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Bartenders embracing thirst for vintage spirits

From London to Chicago, there is a growing appreciation of vintage cocktails made from old and rare spirits. Lucy Shaw speaks to bartenders who have a soft spot for these old timers – and who are selling them at eye-watering prices.

Edgar Harden of the Old Spirits Company. Photo credit: Addie Chin

In 2012, maestro mixologist Salvatore Calabrese made history at his Playboy Club in Mayfair when he created the world’s most expensive cocktail in front of a captive audience. Priced at £5,500 a glass, Salvatore’s Legacy was a heady blend of 1788 Clos de Griffier Vieux Cognac, 1770 Kummel Liqueur, 1860 Dubb Orange Curaçao and two dashes of Angostura bitters from the 1900s.

Visibly nervous before the attempt, Calabrese asked his assistant to mop the sweat from his brow. Silence fell upon the packed room as Calabrese tackled the ancient Cognac bottle with a knife, corkscrew and metal tongs. Three months earlier, Calabrese was left heartbroken when a different bottle of 1788 Clos de Griffier Cognac destined for the record attempt was smashed to smithereens by a customer who accidentally knocked it off a table after ordering a glass.

His world record and the smashed-bottle story drew the attention of the world’s press, and seemed to signal the start of a trend for luxury cocktails made with old spirits both at classic cocktail bars such as The Beaufort Bar at The Savoy and at more modern venues like Canon in Seattle, a seven-table drinking den with 4,000 spirits on its list.

Canon’s owner, Jamie Boudreau, believes vintage spirits offer complexity and length that are simply not found in their contemporary equivalents.

His 10-strong vintage cocktail menu allows the prized main spirit to shine and includes a US$495 (£370) Champs-Elysées, made with 1935 Courvoisier, 1935 Chartreuse and lemon; and a $425 (£317) Red Hook that marries 1950s Rittenhouse Rye, 1960s Punt e Mes and Maraschino from the 1940s.

His most expensive sip is a $650 (£484) Sazerac made with 1945 Monticello Rye and Pernod absinthe from the 1940s.

In an fiercely competitive bar scene catering to increasingly savvy and discerning drinkers, vintage cocktails give bartenders a point of difference, as they offer customers an inimitable experience by transporting them back in time.

They also serve to keep restless bartenders engaged, allowing them to play Sherlock and sniff out extinct spirits from around the globe then bring them back to life in their creations.

What could be better for a cocktail aficionado than the chance to enjoy an Old Fashioned or a Negroni featuring a spirit made at the same time as the cocktail was invented?

At The Beaufort Bar at The Savoy, head bartender Joe Harper shakes up six vintage cocktails, including the £250 Nacional, named after the iconic Havana hotel frequented by everyone from Ernest Hemingway and Marlene Dietrich to Sir Winston Churchill. Made with Cuban Bacardi from the 1940s (before the rum distillery moved to Puerto Rico) and 1960s apricot brandy, alongside lemon, pineapple juice and sugar, the cocktail tips its hat to the Nacional’s signature sip.

At The Rivoli Bar at The Ritz London, you’ll find four vintage cocktails on pour, including a £500 Sazerac made with Lheraud Cognac dating back to 1906 – the year the hotel opened. “There are only six bottles available worldwide, and we have three of them,” enthuses bar manager Jurek Mazuruk. His best-selling vintage cocktail is a £90 Negroni crafted from Gordon’s Gin from the 1960s, Campari from the 1970s and Martini & Rossi Rosso Vermouth from the 1980s.

Jurek Mazurka of the Ritz London

Topping The Beaufort Bar’s list is one of the oldest and rarest spirits still in existence – Harewood House rum distilled in Barbados in 1780, a dozen dusty bottles of which were unearthed by chance by members of Christie’s wine department, who found them hiding under a thick coating of cobwebs during an inventory of the cellar at Harewood House in Leeds in 2011.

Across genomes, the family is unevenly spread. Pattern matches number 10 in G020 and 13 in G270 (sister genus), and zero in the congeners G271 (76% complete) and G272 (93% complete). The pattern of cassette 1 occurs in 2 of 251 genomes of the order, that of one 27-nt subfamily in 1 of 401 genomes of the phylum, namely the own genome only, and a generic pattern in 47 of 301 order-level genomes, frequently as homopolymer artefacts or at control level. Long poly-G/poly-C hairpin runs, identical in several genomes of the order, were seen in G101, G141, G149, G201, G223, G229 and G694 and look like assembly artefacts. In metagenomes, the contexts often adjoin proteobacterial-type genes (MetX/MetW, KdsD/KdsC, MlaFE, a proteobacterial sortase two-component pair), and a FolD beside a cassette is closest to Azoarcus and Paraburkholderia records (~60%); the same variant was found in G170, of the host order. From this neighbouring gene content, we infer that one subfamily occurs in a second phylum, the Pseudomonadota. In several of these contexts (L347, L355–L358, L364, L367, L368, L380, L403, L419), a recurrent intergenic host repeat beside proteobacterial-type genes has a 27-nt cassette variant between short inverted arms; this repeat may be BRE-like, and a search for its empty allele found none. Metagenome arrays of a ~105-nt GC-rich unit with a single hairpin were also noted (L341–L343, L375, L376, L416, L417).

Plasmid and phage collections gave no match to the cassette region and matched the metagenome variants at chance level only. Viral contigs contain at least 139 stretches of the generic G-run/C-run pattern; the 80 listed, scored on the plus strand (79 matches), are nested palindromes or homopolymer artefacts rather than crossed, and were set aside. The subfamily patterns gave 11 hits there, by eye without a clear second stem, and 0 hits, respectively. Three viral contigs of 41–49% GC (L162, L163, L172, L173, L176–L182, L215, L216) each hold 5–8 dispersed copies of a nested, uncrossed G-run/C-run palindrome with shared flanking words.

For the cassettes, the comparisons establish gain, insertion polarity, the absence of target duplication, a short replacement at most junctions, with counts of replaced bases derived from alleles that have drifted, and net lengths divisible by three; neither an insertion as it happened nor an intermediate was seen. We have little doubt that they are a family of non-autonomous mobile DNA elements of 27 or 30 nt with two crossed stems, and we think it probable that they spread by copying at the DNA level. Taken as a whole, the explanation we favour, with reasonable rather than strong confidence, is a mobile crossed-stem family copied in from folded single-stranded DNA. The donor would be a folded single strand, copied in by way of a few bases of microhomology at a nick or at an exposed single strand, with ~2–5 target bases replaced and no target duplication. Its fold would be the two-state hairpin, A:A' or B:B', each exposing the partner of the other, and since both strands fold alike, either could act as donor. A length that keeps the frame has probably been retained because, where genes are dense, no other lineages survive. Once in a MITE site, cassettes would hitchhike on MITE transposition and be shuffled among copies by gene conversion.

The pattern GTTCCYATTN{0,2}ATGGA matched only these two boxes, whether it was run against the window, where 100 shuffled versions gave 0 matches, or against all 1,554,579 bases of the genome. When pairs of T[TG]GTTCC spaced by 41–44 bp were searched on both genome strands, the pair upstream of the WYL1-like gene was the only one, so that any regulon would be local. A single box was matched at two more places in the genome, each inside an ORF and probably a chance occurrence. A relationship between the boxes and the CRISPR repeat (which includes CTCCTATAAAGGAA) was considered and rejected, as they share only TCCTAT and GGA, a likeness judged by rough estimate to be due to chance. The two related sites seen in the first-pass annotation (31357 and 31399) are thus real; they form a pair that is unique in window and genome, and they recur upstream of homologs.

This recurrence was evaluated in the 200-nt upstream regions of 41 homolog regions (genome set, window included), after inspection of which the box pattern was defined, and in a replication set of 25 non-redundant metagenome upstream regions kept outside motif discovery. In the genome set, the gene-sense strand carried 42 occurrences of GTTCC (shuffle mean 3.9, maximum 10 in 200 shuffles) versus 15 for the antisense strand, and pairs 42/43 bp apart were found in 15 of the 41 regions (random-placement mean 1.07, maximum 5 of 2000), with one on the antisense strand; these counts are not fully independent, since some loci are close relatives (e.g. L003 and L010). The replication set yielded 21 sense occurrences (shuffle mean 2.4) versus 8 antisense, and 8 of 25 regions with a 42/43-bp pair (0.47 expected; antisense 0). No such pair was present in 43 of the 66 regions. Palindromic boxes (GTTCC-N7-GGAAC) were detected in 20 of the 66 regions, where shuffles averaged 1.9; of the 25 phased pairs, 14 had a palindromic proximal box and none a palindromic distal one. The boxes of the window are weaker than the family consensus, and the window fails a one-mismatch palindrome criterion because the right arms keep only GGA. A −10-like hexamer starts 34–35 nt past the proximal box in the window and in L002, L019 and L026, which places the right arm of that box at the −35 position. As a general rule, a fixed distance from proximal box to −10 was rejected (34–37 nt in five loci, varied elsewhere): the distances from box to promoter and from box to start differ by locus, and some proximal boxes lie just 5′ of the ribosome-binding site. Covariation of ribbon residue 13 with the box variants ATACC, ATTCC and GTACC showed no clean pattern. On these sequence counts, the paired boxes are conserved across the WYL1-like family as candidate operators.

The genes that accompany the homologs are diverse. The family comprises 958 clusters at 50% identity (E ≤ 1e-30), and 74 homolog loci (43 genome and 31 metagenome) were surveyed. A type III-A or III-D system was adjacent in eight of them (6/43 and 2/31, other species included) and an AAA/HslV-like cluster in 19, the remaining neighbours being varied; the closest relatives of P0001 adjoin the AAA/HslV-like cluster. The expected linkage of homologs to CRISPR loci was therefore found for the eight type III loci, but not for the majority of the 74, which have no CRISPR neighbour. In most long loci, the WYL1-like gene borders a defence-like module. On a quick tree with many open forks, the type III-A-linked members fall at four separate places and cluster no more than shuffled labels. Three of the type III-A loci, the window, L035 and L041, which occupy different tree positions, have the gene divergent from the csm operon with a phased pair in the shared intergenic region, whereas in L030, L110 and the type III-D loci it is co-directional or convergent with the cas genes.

The auction house expected the bottles to sell for around £700 each at its December 2013 sale, but they ended up going under the hammer for £8,225 a piece, illustrating the growing global thirst for old and rare spirits.

The Savoy charges £12,000 for the chance to experience “a true piece of liquid history”, and offers tailored serves of the ancient rum to high-rolling guests.

Noah May, who was part of the Christie’s team that discovered the 1780 rum stash, describes it as, “the oldest, most extraordinary, complex, vibrant and transcendent spirit I’m likely to taste”.

May believes that when it comes to spirits, they don’t make them like they used to. “Vintage spirits generally taste better because the quality of ingredients and scale of production often led to a finer product,” he says.

However, he feels the greatest appeal of vintage spirits is their emotional pull. “Distilled spirits don’t generally change in the bottle like wine, so by inhaling the aroma and tasting the liquid, you can be directly transported to another time. You are, in a sense, linked to the hands that picked the grape or grain and placed the spirit in wood. It is an intimate and unique way of engaging with history,” he says, revealing that there is “extraordinary growth potential” for the old and rare spirits market at auction.

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Jamie Bourdreau of Canon in Chicago

Boudreau of Canon believes the difference between vintage spirits and ones made today is so vast that “it’s like comparing a tricycle with a Ducati. We can’t compare today’s spirits with those of yesteryear, as they were produced in a completely different way. Types of grain have changed (or no longer exist), the wood for barrels has changed, and the volume of spirit we create and our control of it has changed.

It’s unfair to compare a new whiskey with its 100-year-old counterpart,” he says. While distilleries tend to keep their recipes secret, a number of spirits, including Southern Comfort and Drambuie, are made to a sweeter recipe today than they used to be. Edgar Harden, who founded online vintage spirits retailer, the Old Spirits Company, in 2008, describes Southern Comfort from the 1950s as “much richer and less sweet” than today, while he believes Drambuie has lost its heather-honey and peat-smoke notes, and Grand Marnier used to be “richer and more complex”. Mazuruk of The Ritz sources his spirits